Days 13 - 15
Tucked away in the northeastern corner of Botswana, on the banks of the famous Chobe River, the scenic little town of Kasane rests on the doorstep of the spectacular Chobe National Park. There are no boundary fences separating the village from the park and game such as elephant and hippo are often spotted roaming around the town. If on the lookout for elusive game, pay a visit to the Sedudu Valley Road, where large dead trees provide temporary homes for leopards. Within Kasane, an ancient baobab tree stands on display, once serving as a local prison. Visitors can look forward to a multitude of activities including: enjoying a game drive through the park, taking a sunset cruise down the Chobe River, visiting a local village or jumping on a day trip to the breathtaking Victoria Falls.
A nation of spectacular natural beauty, friendly people and rich culture, Zimbabwe’s status as one of Africa’s leading safari destinations was dampened for years by its political instability. But now that the country is transcending its strife and returning to a state of equilibrium, it is once again emerging as a vacation highlight of the continent. Victoria Falls – known to locals as ‘The Smoke That Thunders’ – is one of the seven natural wonders of the world and the sheer power of this massive body of water plunging into the Zambezi Gorge is awe-inspiring and unforgettable. Lake Kariba, with its game-rich shores and islands, is an idyllic safari spot featuring mind-blowing sunsets; Hwange National Park is known for its huge herds of elephants; and a kayak trip down the Zambezi through the Mana Pools National Park will appeal to the intrepid traveller, providing close encounters with crocodiles, hippos and a host of other wildlife.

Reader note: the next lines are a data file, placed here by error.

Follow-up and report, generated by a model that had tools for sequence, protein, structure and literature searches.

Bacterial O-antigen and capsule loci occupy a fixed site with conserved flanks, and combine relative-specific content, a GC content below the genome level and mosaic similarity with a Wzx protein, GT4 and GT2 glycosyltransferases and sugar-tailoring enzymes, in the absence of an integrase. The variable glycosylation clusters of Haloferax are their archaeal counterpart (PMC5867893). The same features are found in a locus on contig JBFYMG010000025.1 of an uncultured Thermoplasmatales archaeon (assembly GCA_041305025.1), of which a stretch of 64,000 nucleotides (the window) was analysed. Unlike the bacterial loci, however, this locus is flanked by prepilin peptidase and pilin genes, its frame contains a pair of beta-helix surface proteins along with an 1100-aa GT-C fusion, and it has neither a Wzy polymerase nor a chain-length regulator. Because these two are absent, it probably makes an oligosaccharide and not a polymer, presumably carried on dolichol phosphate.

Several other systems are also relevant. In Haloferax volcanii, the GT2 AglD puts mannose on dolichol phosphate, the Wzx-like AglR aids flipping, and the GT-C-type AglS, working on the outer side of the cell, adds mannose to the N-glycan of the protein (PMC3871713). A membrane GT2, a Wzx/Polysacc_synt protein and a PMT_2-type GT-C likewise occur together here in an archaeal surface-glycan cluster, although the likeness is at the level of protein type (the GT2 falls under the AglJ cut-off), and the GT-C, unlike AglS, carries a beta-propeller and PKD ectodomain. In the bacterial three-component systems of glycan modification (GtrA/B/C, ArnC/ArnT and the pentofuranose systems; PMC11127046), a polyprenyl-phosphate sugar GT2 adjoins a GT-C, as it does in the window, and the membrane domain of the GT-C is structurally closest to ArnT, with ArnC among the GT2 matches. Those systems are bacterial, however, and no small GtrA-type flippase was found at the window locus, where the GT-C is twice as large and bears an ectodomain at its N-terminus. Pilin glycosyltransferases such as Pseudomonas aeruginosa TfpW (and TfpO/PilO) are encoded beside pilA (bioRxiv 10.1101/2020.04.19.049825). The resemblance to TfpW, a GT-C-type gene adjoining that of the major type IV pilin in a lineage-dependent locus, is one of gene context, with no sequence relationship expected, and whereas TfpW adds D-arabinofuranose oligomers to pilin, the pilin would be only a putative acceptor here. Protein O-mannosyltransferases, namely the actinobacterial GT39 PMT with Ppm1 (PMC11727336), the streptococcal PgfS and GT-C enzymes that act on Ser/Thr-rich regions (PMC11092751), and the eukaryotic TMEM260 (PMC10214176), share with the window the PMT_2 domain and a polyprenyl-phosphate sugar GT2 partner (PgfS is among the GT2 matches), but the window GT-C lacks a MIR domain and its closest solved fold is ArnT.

Victoria Falls (Zimbabwe)
Days 15 - 16
Victoria Falls is one of the world’s most impressive waterfalls. It is set on the magnificent Zambezi River which creates the border between Zambia and Zimbabwe. These spectacular falls can be easily visited and viewed from the Zimbabwean side. Considered to be the world’s widest waterfalls, Victoria Falls measures an impressive 1708 metres in width. The small town of Victoria Falls, which lies adjacent to the waterfalls, serves as a great base from which to explore the many attractions this area of Zimbabwe has to offer. The surrounding area provides a wide range of adrenalin-filled activities for adventure lovers. Visitors can look forward to an array of wonderful activities including: scenic flights, micro lighting, white water rafting, bungee jumping, kayaking, and once-in-a-lifetime expeditions into the incredible Chobe National Park.